SERMON TITLE: “Give Thanks for Blessings”
SERMON TEXT: Ezekiel 34:25-31
PREACHER: Rev. Kim James
OCCASION: November 20, 2022, at First UMC
Every Thanksgiving I like to recall the story of the Pilgrims and their experience at Plymouth Rock. You may remember that the English people who held that famous first Thanksgiving were refugees who were seeking religious freedom in the New World. Not finding liberty in England to worship as they wished, they had first moved to the Netherlands. But the situation wasn’t ideal there either, so, in the year 1620, those English Separatists decided to cross the Atlantic Ocean. Unfortunately, they got a late start and didn’t arrive in Plymouth Harbor until November 11th. Up against harsh winter weather, the immigrants still had to construct shelters from the cold. The work was greatly hindered by sickness. Over the winter, nearly half of the 102 Pilgrims died.
The 53 Pilgrims who survived the winter made treaties with the Native Americans and learned from them some planting techniques that helped the Pilgrims grow sufficient food in the coming summer. So, by the time of the fall harvest in 1621, the Pilgrim survivors were able to hold a three-day celebration of Thanksgiving that included their Native American friends. Their feast consisted of various types of wild birds, deer, and fish—as well as the fruits and vegetables grown in their gardens and harvested in the forests. Historians tell us that some details we associate with that First Thanksgiving are more folklore than certain history. But what was absolutely for sure was that, after an extremely difficult year, the Pilgrims’ life was looking much more hopeful. Those early immigrants to the New World were eager to give thanks to God for their blessings.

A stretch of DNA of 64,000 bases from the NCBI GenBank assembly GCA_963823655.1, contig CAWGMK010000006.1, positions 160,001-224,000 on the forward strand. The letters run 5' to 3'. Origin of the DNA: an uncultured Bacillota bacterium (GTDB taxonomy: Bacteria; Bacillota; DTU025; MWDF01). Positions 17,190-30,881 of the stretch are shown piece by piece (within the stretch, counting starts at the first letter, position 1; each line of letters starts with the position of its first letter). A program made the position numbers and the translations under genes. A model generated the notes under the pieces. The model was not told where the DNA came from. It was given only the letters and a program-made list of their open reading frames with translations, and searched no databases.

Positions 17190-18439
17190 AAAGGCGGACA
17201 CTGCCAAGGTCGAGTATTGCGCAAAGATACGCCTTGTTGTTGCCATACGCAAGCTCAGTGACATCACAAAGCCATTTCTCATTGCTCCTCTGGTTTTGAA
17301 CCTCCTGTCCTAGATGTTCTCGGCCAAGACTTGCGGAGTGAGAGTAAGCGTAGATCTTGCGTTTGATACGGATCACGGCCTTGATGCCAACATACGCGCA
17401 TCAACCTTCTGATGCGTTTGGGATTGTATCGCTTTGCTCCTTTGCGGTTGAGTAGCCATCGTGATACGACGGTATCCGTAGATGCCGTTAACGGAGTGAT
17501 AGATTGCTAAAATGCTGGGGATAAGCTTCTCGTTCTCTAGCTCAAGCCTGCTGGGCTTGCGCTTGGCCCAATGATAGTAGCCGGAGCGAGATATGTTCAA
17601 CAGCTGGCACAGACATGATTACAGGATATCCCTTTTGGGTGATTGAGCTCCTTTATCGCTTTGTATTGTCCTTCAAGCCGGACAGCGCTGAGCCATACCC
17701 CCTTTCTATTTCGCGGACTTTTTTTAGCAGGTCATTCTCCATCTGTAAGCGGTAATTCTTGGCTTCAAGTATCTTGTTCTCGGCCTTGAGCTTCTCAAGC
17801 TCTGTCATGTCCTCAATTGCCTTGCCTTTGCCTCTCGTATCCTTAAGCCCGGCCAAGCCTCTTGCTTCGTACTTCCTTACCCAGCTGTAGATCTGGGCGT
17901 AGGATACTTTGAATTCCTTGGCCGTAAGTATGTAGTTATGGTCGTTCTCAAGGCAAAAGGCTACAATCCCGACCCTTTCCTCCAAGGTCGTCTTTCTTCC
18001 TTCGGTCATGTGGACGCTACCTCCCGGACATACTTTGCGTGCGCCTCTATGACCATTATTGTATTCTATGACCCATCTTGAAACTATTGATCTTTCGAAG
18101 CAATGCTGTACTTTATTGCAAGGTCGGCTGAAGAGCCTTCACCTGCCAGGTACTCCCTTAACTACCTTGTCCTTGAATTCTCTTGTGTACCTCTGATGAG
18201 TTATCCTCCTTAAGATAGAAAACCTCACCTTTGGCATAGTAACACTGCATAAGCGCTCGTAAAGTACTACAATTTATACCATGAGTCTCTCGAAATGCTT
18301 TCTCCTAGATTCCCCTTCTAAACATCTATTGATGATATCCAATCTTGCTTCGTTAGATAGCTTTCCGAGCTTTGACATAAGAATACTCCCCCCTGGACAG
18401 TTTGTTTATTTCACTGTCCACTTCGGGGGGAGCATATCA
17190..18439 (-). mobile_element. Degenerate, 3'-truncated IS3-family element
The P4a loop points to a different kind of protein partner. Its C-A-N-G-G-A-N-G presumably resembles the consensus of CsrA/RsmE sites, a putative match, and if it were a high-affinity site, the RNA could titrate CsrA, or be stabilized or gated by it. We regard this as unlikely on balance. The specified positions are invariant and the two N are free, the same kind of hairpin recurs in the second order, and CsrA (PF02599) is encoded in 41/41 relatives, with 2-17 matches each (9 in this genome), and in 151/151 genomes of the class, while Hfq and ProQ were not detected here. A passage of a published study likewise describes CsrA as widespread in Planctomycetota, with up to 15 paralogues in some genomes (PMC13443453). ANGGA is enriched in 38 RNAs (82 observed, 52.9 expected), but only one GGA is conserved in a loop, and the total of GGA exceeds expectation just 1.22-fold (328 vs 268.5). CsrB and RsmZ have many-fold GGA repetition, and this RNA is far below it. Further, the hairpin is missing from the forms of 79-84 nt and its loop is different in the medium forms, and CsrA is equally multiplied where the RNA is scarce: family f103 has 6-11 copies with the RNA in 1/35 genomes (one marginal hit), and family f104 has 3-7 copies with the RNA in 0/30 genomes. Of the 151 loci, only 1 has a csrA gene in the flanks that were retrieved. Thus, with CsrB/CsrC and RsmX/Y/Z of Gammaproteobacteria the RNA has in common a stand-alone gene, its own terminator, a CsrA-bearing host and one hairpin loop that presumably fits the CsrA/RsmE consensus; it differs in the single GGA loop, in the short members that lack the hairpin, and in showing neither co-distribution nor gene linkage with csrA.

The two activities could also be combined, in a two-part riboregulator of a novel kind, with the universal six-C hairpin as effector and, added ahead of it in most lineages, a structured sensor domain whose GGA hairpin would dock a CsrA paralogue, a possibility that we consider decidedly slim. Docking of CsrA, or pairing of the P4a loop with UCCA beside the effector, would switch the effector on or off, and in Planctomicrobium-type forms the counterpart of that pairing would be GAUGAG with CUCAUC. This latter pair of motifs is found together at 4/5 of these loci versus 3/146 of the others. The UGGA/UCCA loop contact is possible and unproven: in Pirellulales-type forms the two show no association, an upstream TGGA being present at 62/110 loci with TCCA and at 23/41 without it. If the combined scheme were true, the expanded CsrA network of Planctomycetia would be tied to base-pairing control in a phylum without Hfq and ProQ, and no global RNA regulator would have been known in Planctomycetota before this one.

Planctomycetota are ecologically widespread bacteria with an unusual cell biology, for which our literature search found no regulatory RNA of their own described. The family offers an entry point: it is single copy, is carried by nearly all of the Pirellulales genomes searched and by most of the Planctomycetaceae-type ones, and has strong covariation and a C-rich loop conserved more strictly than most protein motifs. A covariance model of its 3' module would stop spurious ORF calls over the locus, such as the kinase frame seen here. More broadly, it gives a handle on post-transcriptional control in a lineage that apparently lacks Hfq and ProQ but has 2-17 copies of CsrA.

Today’s scripture reading from Ezekiel 34 takes us back more than 2000 years before the American Pilgrims. Many of the Hebrew people had been forced out of Jerusalem and taken into exile in Babylon. The prophet Ezekiel was one of them. At first, Ezekiel told his Jewish brothers and sisters that they were getting what they deserved. He said that God was punishing them for their sins. But later, after Jerusalem and the temple were destroyed, and the Hebrew people had suffered enough, Ezekiel began to give them hope that they would someday return home. At some point in the future, God would again establish them in Israel and shower blessings upon them.
As a way to stimulate gratitude in our minds and hearts today, I invite you this morning to look with me at this hopeful vision in Ezekiel chapter 34. Let’s join the prophet in counting out the blessings for which we can give thanks.